Carbon fiber ebike for $699 on Kickstarter

Nirmala

Active Member
https://www.kickstarter.com/projects/867054068/daymak-ec1-ebike-carbon-fiber-electric-bicycle

Sounds too good to be true, but it is an established manufacturer. The $699 options are all gone but there are seven $799 options left and then it goes to $994.

Or you can pledge $1269 for an option with a 36v battery and carbon fiber rims.An even lighter bike with carbon seat, post, handlebars, rims is $1989. That one is supposed to only weigh 28 pounds with battery and motor!
 
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one4torque

Active Member
Cool bike.

I can't help but notice the absence of a team member w eng degree background on their team. Are there any U.S. Regs on safe bike ore bike design calcs and safety factors? Or do they leave this to the China mnfr?
 

Nirmala

Active Member
Here is a shot from the photoshoot of my new oxygen based e-bicycle. The frame, seat, wheels, handlebars, motor and battery are all made from oxygen. It is extremely lightweight, however it is recommended that you wear sturdy walking shoes whenever you ride it in case you end up walking most of the way:
images.jpg


I am sorry to say that there was no one with an engineering degree involved in the design.
 

George S.

Well-Known Member
The price is right. Obviously a 250 watt motor and 200 watt hour battery represents something very basic. It would work, but it would be at a real disadvantage on hills. The 28 pound version is fairly impressive, but the price kind of jumps.

I've decided (I) don't want to make an ebike like a bike. You use the power, the motor, to overcome things like weight. You let people ride in a comfortable position, or have fat tires. So I guess I would spend the money buying a BBBS02 and a battery, then find something to put it on. Maybe in a ditch, or beside the road or at the thrift store. Same basic money as the cheapest model. It would climb the side of a building, pretty much. But I don't have an engineering degree, so who's to say?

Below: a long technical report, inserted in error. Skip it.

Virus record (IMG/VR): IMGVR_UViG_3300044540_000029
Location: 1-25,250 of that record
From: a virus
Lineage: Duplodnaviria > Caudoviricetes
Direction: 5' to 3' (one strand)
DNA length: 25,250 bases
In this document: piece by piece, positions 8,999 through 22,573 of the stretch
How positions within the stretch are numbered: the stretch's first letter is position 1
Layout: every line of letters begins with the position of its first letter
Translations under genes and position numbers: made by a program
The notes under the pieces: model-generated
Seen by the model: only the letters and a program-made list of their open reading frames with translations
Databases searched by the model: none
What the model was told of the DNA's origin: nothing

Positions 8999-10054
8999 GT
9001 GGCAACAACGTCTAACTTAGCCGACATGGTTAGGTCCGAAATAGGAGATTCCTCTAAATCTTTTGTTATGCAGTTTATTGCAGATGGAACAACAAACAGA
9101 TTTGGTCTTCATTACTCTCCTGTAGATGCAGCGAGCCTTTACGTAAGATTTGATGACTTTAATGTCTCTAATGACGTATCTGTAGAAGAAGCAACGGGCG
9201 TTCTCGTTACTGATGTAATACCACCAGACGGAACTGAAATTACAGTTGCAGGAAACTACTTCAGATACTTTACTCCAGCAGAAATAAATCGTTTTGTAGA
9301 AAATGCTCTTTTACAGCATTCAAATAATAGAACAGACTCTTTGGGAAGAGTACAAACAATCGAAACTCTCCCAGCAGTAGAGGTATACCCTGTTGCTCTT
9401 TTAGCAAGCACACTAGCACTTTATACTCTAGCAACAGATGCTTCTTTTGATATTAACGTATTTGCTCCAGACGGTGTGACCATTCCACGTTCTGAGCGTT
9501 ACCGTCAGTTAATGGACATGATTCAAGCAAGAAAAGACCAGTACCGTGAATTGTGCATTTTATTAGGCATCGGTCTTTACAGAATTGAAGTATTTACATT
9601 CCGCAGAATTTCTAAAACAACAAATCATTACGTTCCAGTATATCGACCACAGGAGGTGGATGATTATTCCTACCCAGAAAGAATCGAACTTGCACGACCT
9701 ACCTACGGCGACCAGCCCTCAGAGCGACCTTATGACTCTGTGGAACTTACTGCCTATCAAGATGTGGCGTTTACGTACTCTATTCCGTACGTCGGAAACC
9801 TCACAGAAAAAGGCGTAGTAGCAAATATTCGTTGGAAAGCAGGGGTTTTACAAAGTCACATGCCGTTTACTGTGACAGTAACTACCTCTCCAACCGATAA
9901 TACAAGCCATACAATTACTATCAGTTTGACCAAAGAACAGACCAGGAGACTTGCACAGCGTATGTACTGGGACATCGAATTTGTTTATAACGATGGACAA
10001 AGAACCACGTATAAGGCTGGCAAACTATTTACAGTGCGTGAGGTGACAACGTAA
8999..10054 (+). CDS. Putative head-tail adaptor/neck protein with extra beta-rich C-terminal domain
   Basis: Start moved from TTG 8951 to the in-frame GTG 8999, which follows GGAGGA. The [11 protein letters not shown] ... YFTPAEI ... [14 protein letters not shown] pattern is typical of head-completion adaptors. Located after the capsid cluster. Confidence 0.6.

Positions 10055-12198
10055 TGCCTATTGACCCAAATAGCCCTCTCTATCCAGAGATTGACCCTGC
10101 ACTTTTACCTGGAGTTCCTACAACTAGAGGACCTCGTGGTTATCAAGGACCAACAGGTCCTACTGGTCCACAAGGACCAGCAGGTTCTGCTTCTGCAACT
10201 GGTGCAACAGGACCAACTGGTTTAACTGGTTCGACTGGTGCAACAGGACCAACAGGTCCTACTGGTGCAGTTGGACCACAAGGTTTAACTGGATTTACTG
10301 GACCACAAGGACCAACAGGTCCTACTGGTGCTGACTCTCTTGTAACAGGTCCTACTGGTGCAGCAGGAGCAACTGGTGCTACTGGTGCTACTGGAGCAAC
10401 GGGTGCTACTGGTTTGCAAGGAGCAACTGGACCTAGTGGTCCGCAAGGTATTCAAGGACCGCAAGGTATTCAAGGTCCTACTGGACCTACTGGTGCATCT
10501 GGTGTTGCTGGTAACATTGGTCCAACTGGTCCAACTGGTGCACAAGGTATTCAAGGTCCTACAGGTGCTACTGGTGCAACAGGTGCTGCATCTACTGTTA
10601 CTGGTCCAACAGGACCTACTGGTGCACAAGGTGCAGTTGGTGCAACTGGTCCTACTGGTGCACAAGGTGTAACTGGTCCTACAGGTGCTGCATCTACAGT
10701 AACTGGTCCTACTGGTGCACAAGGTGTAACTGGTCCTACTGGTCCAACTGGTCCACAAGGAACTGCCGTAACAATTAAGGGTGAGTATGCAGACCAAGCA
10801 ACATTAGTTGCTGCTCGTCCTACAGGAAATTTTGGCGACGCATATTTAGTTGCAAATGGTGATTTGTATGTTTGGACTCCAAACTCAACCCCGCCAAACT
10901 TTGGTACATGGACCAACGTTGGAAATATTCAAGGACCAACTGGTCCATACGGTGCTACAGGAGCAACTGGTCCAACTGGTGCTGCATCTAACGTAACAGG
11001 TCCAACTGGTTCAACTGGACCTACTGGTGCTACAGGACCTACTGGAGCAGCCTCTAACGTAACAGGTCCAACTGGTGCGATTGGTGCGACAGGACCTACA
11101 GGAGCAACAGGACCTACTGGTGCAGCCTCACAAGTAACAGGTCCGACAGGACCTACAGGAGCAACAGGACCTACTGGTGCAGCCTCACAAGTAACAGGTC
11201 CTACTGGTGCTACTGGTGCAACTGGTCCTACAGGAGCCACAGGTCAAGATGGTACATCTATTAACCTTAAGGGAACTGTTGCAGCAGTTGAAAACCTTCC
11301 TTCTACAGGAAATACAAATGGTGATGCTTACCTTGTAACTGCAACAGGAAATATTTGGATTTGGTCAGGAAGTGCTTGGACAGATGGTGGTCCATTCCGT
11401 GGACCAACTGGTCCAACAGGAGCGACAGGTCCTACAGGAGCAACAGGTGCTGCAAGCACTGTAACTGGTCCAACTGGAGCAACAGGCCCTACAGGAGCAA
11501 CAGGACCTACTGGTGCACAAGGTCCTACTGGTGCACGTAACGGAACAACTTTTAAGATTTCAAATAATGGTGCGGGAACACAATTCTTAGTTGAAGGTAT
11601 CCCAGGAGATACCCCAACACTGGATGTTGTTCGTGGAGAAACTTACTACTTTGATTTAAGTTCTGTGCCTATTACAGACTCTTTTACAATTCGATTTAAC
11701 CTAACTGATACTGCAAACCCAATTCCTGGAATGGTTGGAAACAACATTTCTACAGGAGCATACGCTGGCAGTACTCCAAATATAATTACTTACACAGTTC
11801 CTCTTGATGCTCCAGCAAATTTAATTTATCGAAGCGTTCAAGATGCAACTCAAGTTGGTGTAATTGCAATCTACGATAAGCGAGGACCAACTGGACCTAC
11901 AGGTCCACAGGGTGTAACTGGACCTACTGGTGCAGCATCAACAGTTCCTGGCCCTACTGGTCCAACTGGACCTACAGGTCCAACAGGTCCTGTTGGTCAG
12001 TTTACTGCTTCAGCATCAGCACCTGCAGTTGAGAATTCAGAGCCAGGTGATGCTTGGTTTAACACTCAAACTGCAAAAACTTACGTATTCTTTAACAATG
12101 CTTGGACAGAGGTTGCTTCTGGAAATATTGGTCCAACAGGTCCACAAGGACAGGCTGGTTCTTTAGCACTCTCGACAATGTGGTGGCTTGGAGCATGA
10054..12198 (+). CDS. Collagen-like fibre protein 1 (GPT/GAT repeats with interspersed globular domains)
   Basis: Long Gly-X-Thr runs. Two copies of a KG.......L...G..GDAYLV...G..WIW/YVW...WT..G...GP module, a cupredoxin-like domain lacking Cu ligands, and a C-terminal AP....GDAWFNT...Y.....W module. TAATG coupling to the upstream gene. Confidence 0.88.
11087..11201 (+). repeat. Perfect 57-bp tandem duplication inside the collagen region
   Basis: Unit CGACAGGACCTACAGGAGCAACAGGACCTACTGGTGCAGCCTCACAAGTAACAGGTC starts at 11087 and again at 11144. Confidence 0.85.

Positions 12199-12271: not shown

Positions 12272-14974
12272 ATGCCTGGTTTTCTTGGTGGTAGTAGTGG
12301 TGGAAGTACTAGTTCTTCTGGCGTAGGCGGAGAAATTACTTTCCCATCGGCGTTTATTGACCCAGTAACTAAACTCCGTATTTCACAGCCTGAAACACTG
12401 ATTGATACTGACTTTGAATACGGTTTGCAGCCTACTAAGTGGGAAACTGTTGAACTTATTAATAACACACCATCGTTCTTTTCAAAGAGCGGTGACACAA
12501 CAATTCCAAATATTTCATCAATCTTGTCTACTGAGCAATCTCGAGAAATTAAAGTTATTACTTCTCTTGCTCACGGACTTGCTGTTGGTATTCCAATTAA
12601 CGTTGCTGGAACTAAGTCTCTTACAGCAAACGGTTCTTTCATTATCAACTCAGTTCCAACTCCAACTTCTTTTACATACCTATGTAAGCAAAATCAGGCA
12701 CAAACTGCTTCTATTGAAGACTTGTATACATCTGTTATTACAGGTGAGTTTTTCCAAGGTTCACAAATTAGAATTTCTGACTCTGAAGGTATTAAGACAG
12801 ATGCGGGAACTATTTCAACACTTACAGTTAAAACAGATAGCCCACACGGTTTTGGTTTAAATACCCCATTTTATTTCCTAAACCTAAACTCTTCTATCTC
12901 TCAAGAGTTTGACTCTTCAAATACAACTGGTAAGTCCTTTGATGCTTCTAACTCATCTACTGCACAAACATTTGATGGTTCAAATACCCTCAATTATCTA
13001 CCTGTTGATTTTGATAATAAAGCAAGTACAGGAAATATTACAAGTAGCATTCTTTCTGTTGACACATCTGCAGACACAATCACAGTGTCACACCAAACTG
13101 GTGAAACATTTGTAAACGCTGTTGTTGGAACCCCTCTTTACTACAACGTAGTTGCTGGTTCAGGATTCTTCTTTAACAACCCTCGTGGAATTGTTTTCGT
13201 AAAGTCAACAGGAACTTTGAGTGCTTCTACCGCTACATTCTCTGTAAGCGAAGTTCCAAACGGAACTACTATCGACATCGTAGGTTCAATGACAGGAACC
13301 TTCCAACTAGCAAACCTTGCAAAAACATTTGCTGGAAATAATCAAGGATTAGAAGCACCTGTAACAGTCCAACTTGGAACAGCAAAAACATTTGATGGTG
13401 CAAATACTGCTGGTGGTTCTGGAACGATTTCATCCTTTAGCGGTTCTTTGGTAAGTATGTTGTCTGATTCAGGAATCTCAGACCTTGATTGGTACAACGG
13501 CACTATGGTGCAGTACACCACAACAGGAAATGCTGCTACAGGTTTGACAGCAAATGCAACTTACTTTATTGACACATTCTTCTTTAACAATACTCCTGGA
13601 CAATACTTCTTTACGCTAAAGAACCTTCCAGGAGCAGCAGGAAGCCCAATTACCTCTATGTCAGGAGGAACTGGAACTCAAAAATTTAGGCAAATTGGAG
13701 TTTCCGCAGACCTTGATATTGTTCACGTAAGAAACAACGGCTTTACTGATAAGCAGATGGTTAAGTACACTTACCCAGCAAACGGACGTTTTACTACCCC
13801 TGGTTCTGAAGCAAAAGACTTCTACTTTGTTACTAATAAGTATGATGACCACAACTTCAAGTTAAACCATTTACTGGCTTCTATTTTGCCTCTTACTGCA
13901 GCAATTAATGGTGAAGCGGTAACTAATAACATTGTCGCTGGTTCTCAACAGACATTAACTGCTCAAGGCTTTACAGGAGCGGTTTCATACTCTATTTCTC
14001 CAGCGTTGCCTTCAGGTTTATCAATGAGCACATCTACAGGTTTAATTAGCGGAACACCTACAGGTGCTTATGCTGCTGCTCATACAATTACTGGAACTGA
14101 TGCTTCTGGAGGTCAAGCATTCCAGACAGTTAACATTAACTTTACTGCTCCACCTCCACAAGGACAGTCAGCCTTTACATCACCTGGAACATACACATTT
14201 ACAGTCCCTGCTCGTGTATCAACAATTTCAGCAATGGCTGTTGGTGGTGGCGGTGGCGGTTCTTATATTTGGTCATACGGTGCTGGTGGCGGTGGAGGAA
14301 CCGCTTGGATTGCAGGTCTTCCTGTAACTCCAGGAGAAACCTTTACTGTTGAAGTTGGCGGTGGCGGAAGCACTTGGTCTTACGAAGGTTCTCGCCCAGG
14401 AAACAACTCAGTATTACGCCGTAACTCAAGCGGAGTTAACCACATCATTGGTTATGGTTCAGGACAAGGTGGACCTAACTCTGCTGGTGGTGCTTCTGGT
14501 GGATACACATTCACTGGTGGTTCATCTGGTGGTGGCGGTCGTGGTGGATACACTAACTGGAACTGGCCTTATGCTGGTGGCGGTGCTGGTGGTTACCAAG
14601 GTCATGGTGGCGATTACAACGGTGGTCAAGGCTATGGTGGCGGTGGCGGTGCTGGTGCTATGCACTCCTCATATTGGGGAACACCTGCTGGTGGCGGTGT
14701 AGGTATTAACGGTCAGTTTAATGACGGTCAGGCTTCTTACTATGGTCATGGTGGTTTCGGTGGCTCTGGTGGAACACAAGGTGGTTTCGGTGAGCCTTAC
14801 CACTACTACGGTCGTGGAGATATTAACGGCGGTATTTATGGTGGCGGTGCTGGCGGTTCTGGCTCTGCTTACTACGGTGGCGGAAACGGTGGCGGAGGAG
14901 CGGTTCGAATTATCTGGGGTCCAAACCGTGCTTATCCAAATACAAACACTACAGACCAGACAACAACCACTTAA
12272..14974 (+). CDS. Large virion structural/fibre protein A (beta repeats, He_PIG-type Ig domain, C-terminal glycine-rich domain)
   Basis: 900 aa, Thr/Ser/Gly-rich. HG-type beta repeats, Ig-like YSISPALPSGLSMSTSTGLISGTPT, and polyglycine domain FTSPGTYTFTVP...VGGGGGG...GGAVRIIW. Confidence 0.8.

Nirmala

Active Member
I agree that an ebike does not need to be light like a regular bike. But this carbon ebike might still be fun to have around. I bet the 250 watt motor will work pretty well on a bike that light, especially with the multiple gear crankset up front. It would be like a regular bike with just a little extra. Ultimately, there are lots of options out there and more coming every day, which is a good thing.
 

Nirmala

Active Member
I just tried to start a new project on Kickstarter for "Vaporware". I figured that it would be one of the few 100% honest and truthful Kickstarters. My funding goal was going to be $0.00 and the lowest pledge amount would also be $0.00. For that amount you would be 100% guaranteed to receive absolutely nothing at all. Higher pledges would receive even less.

However, Kickstarter has a rule that you actually have to offer something. Oh well.
 

Nirmala

Active Member
For more range on a lightweight bike like this you could buy an extra battery and carry it in a frame bag. It would be extra weight, but the bike would still be very light. And for shorter trips of course you could leave it home. This seems like it might be a good approach on a lot of bikes. Have a lighter weight primary battery and then a spare for longer trips that you only carry with you when actually needed.

In fact, I just figured out how I can strap a spare battery to the upper frame tube of my Magnum Ui5 and thereby have 26 amp hours of juice for longer rides. Since we own two Ui5s and my wife is not up for that long of a ride, I can just take her battery with me and go 50-60 miles or more.
 

Cameron Newland

Well-Known Member
Sounds too good to be true, but it is an established manufacturer.